Piers Morgan is at it again.
The adversarial English media personality raised the ire of the internet with a recent tweet deriding James Bond actor Daniel Craig.
“Oh 007.. not you as well?!!!,” Morgan tweeted, adding the helpful hashtags #papoose and #emasculatedBond.
And what made Morgan so upset? The fact that Craig was photographed carrying his infant daughter on his chest in a baby carrier.
Yep, that’s right. The former “America’s Got Talent” judge thinks that Craig donning a Baby Bjorn somehow undermines the hypermasculinity of James Bond. (Piers, buddy, even if that were true, Bond could use an image overhaul for the modern era.)
Craig has yet to respond to the pundit’s criticisms. Perhaps he remains blissfully unaware, as you probably wish you still were.
But Morgan’s point of view appeared to be out of step with a broad swath of men, another sign that old-fashioned ideas about performative gender roles are on their way out.
Morgan got plenty of negative feedback about his tweet, including a slew of dads proudly displaying their swaddled children on their chests.
But it wasn’t just dads chiming in, either. Actor Chris Evans, best known for portraying a paragon of non-toxic masculinity, Captain America, was particularly irritated by the tweet.
“You really have to be so uncertain of your own masculinity to concern yourself with how another man carries his child,” Evans tweeted. “Any man who wastes time quantifying masculinity is terrified on the inside.”
As is appropriate for the schoolyard nature of Twitter, Morgan replied by saying that Captain America wouldn’t wear a papoose. (A papoose? That’s the British term for a baby carrier, as worn on the body. It’s borrowed from a word for a Native American child.)
Setting aside the fact that Morgan regularly agitates social media by taking a stand on non-issues, his hardline stance on baby transportation feels mind-boggling in its outdatedness.
Morgan’s point is that it’s more manly to carry a baby in your arms than it is to wear one on your chest. Tying masculinity to carrying a child in a less comfortable, less secure, less convenient fashion is absolutely bonkers.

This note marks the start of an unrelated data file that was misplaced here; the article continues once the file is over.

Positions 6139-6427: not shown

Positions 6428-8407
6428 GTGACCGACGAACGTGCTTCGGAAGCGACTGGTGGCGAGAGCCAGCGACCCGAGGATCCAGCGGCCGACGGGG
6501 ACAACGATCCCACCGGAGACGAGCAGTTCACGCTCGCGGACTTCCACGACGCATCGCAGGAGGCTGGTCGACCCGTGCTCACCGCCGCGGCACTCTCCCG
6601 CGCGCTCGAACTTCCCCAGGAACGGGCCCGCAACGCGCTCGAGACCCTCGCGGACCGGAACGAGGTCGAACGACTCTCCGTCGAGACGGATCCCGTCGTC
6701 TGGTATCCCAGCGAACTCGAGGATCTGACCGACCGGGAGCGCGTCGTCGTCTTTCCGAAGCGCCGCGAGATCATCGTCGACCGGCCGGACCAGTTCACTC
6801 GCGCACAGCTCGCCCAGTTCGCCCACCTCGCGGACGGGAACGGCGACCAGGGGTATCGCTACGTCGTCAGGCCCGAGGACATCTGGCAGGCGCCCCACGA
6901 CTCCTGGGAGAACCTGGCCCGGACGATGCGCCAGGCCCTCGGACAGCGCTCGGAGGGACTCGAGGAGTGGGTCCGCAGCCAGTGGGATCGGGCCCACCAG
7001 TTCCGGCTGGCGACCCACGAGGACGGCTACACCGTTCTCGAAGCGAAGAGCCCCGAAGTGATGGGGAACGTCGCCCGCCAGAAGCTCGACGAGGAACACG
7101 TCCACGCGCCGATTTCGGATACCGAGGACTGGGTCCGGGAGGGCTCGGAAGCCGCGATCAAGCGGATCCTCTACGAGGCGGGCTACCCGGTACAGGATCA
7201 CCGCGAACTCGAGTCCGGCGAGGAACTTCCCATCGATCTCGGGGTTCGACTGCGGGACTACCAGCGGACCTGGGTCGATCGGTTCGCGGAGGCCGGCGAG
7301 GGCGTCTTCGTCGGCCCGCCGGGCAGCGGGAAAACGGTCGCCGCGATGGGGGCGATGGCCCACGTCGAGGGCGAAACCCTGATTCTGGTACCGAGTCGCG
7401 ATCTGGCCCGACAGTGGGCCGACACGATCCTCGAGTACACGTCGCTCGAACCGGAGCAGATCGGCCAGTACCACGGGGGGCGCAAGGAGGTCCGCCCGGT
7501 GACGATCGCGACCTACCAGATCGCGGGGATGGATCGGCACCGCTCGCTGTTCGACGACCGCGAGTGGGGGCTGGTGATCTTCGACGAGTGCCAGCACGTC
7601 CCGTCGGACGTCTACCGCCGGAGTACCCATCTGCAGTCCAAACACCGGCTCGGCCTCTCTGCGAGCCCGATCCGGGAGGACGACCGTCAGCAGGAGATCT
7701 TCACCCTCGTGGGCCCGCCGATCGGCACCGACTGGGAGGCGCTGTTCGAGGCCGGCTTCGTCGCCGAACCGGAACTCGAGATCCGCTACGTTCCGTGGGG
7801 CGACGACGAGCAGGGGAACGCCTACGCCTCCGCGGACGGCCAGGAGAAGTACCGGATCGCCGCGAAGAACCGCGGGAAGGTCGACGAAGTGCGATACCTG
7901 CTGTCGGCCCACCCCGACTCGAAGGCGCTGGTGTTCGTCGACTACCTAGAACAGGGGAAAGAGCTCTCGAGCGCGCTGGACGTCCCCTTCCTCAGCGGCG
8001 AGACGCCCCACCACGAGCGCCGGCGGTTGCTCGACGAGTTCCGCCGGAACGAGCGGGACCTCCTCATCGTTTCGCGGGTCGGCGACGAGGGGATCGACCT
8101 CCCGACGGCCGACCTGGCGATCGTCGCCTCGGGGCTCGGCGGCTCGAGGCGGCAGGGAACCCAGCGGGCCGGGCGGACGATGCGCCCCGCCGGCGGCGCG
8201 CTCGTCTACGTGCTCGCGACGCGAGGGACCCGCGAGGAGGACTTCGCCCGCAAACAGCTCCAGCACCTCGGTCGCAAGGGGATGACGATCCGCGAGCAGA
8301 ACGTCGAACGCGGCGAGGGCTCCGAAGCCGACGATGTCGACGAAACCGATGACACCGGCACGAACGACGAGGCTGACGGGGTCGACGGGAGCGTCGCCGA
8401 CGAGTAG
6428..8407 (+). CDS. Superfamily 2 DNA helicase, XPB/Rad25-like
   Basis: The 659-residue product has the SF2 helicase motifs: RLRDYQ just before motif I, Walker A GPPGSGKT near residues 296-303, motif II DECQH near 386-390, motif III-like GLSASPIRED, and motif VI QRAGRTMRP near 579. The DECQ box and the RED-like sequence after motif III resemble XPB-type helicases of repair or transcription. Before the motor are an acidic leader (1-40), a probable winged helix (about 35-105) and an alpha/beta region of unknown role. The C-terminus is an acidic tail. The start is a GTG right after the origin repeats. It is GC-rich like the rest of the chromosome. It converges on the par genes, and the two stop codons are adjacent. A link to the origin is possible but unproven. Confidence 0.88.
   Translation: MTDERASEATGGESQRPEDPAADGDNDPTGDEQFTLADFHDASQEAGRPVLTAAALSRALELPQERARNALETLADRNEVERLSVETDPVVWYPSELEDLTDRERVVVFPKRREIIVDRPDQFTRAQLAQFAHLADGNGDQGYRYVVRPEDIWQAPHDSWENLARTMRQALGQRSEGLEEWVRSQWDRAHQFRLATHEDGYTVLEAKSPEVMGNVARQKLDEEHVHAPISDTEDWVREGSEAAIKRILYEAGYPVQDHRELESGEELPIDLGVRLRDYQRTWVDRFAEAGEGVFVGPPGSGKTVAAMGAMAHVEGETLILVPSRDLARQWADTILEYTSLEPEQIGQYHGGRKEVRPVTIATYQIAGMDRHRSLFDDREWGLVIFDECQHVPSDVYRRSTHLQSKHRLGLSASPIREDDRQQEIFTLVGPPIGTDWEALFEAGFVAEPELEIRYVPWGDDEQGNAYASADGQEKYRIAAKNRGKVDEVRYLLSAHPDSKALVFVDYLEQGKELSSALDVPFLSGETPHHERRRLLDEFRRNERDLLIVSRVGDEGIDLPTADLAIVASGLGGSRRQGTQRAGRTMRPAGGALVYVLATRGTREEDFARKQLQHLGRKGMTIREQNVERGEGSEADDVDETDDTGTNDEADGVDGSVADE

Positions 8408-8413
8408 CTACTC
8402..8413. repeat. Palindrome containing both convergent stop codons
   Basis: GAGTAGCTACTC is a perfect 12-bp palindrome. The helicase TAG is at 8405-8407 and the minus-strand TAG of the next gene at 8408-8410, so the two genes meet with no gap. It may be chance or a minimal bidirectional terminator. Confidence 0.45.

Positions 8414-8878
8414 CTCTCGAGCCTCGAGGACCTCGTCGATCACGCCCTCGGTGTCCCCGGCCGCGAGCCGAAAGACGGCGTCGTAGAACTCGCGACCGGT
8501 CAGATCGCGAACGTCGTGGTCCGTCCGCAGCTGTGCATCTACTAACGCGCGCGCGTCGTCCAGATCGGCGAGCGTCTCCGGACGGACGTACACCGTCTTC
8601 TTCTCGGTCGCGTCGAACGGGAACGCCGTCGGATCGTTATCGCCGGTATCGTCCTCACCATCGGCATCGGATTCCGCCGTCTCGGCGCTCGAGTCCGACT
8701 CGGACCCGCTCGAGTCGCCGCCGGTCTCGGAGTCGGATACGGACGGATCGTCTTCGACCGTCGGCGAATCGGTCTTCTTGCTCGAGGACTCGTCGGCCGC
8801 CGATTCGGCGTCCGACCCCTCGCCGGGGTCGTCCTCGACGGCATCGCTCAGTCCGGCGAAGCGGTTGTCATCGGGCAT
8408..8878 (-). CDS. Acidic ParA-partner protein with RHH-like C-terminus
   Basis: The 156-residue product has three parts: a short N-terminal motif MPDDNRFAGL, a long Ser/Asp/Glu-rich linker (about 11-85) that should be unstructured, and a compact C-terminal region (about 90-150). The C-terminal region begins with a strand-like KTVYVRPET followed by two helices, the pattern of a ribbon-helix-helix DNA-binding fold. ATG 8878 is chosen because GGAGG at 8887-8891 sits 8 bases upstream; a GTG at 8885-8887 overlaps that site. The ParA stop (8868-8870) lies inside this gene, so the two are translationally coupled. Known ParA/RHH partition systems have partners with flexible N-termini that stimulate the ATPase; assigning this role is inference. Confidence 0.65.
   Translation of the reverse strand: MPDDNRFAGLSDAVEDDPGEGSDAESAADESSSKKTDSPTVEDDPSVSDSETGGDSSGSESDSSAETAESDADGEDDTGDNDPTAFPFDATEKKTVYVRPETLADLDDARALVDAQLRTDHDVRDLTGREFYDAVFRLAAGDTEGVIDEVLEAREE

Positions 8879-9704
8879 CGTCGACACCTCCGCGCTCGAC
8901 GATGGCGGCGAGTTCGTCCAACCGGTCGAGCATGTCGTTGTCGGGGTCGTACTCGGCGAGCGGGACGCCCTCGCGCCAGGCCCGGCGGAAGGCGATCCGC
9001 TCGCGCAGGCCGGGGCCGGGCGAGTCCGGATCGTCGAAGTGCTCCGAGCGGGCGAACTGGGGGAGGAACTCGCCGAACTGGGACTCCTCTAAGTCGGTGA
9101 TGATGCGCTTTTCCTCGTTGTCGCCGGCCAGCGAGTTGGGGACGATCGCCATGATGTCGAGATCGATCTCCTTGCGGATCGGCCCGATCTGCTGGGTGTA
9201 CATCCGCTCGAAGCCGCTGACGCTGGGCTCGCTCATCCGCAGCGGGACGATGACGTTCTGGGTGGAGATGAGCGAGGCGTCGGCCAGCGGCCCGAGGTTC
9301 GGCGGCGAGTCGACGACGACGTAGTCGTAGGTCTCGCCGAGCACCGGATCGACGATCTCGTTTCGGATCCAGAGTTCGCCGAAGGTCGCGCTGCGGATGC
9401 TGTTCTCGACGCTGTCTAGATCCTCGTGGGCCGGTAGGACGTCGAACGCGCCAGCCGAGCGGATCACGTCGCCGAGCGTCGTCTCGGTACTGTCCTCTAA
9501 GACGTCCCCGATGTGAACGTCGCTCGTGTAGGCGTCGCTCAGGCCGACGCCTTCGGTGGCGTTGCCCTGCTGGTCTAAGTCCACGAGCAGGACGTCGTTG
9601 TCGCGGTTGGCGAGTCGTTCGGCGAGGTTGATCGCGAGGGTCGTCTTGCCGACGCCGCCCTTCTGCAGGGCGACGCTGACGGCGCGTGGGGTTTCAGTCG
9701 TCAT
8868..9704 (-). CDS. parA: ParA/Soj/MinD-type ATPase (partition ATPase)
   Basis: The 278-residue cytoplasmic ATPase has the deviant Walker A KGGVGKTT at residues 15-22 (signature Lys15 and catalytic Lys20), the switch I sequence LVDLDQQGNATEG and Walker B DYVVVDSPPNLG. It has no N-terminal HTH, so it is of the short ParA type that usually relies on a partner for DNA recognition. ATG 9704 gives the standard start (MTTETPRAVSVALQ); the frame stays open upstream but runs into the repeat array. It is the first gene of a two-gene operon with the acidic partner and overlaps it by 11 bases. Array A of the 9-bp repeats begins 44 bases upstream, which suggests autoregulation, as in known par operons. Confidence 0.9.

The greatest comfort to come from this utterly asinine turn of events is how many men came forward to eschew Morgan’s archaic and, honestly, illogical view of fatherhood.
“This is me wearing an Elsa dress after [my daughter] asked me to wear her Mom’s Halloween costume,” Copeland wrote. “I look ridiculous. But who cares? That’s what you do for your kids. I’m sure [Morgan] would find this emasculating. I say only if you’re uncomfortable in your masculinity.”
And it’s not just Copeland who embraces the reality that masculinity is malleable and not limited to some restrictive set of criteria.
Chris Hemsworth, who plays the manliest of men as Marvel’s Thor, has previously posted video of himself engaged in ridiculous and heartfelt dance parties with his daughter.
Even the Rock understands that fatherhood comes before any misguided ideas about what does and doesn’t make a man.
Two weeks ago, actor and former pro wrestler Dwayne Johnson posted a photo of himself getting his nails painted by his 2-year-old daughter, who had insisted upon it before he left for work.
He tagged his post #PapaBearPriorities.
It’s 2018. Gender is a construct, and people aren’t here for regressive ideas about how men and women should act.
And if Morgan is this upset by men using carriers for their children, no one tell him about the increasing demand to have diaper-changing stations in men’s rooms.